Armed Hostilities

Roger Cohen’s Op-Ed on Israeli-Palestinian Peace

Table of Contents
  1. Impossibility of Two-State Peace
  2. Impossibility of One-State Peace
  3. The Less Impossible Option
  4. Conclusion
  5. References

An Op-Ed by Roger Cohen expresses the two opposing sides regarding the type of peace that can be recommended to the Israeli-Palestinian conflict. The author is in support of the two-state peace, an option that has received criticism and opposition from figures such as Beinart, the editor of Jewish Currents who thinks a one-state peace is a better option. Drawing from theoretical lens of realism, constructivism, or liberalism, this essay explores three major arguments of the Op-Ed. The essay argues that Cohen is a liberalist who believes that rational decisions from sensible decision-makers should pursue what is best for the interests of the nation rather than working against them.

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Impossibility of Two-State Peace

The first argument in the Op-Ed is that a two-state peace is impossible because the author considers the 53-year old occupation of the West Bank by Israel has gone too far to be undone. Cohen (2020) states that the Israeli nationalism also makes it impossible for two-state peace as it claims all the land between Jordan River and the Mediterranean. The global recognition of Israeli occupation and the inability of the interim Palestinian government is undemocratic and too weak to pursue any plans for Palestinian statehood. It is important to highlight that the relations between the two states are based on conflicting interests that no party will be willing to concede.

The theoretical lens used by the author to make the argument is liberalism which denotes a form of government characterized by the rule of law, individual rights, political participation of the citizens, and private property (Jahn, 2018). The lens is based on the moral argument that the highest goal of the government is to ensure individual liberty, right to life and property (Meiser, 2019). From the argument, it can be seen that Cohen (2020) believes that both parties to the Israel-Palestinian conflict are not liberal with the absence of liberalism being the main reason why the two-state peace is impossible. Liberalism allows states to pursue own interests, in which case Israel and Palestine are deemed by Cohen (2020) as liberal in their own way. With such liberalism, conflicting interests means it is impossible for the two parties to agree without conceding interests. From a liberalist perspective, therefore, a two-state peace cannot be achieved when Israeli nationalism and Palestinian political ideology persist.

However, the fact that Cohen (2020) mentions “occupation” implies that there is one party guilty of the conflicts and that should be forced to concede. Half a century of occupation does not give any country a right to claim territory. From the liberal lens, an occupation is an act of denying people their individual rights, property and liberty (Meiser, 2019). The author seems to support a claim that results in the degradation of liberal democracy.

Cohen’s argument, however, remains feasible considering that the Jews would not easily concede the occupation after all the historical incidences suggesting that a unified Jewish State is the only option that guarantees their survival. The messianic nationalism mentioned by Cohen (2020) is not any different from many modern states that have been founded in conquered lands. Additionally, the recognition of the Israeli state by the international states hints to the fact that the Palestinians should get used to the idea and indeed start pursuing peace for the sake of the Palestinians. That, from a liberal perspective, would allow the Palestinians to enjoy the same rights as the Jews.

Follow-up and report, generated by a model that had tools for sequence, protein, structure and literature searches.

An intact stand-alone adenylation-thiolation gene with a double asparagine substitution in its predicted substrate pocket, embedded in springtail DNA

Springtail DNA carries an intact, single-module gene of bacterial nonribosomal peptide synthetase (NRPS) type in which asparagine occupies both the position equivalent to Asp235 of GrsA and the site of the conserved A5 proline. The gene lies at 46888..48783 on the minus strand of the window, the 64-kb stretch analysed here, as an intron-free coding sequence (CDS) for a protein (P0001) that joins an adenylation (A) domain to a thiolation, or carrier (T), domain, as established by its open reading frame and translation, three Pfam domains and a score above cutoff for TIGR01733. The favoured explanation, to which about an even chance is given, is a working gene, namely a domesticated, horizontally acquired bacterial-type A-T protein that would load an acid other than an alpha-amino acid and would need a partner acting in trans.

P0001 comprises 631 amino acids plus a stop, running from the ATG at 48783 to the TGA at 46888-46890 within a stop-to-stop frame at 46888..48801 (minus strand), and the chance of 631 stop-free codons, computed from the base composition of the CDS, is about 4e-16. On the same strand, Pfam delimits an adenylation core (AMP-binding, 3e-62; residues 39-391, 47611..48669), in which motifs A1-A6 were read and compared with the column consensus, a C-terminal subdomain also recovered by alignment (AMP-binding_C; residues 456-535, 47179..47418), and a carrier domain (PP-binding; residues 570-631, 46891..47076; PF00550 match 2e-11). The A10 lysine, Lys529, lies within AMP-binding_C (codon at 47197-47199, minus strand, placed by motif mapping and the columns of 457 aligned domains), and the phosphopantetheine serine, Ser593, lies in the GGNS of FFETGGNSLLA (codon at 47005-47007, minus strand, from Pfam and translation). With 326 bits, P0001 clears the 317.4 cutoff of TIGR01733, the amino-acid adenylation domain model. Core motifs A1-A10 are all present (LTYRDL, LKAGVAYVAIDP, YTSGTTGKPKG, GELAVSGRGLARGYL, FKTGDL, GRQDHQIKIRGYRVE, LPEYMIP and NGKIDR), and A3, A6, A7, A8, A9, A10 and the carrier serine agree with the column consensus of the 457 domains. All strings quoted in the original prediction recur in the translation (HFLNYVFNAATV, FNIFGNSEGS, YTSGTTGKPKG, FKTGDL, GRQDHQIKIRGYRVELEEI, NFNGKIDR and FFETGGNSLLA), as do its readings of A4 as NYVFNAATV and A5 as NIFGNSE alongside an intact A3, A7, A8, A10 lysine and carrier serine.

Impossibility of One-State Peace

The second argument is that the one-state peace is also impossible. Cohen (2020) cites the historical injustices that have happened to the Jews as the main reason why the Jews would not suddenly concede and lose their ‘new home.’ The author presents evidence that Jews used to have a ‘home’ in places such as Germany, France, and the Netherlands where their patriotism resulted in their annihilation. A home for them would not be adequate considering that Jews and Palestinians could not agree on matters as small as a school textbook. They remain insistent that having their own state is the best chance of their survival.

Arguably, the lens used in the second argument is constructivism. The main tenet of constructivism and its application in international relations is its focus on social elements of the world politics (Dormer, 2017). Intersubjectivity, beliefs, norms, agency, and identity/interest concepts describe constructivism as opposed to the rational actors in realism and the institutional constraints in liberalism. Constructivism deals with the social construction of political viewpoints. Symbolic interactionism is the concept in constructivism that best explains the situation. This idea has been used by theorists to support the argument that state interactions are a relation between the ‘ego’ and ‘alter’ of the two states (Adler-Nissen & Rebecca, 2016). Cohen (2020) is, therefore, using symbolic interactionism to argue that a one-state peace is a matter of changing these egos and alters to facilitate peace. Constructivism, as a social construction of politics, will mean the two societies will need to redefine their political relations.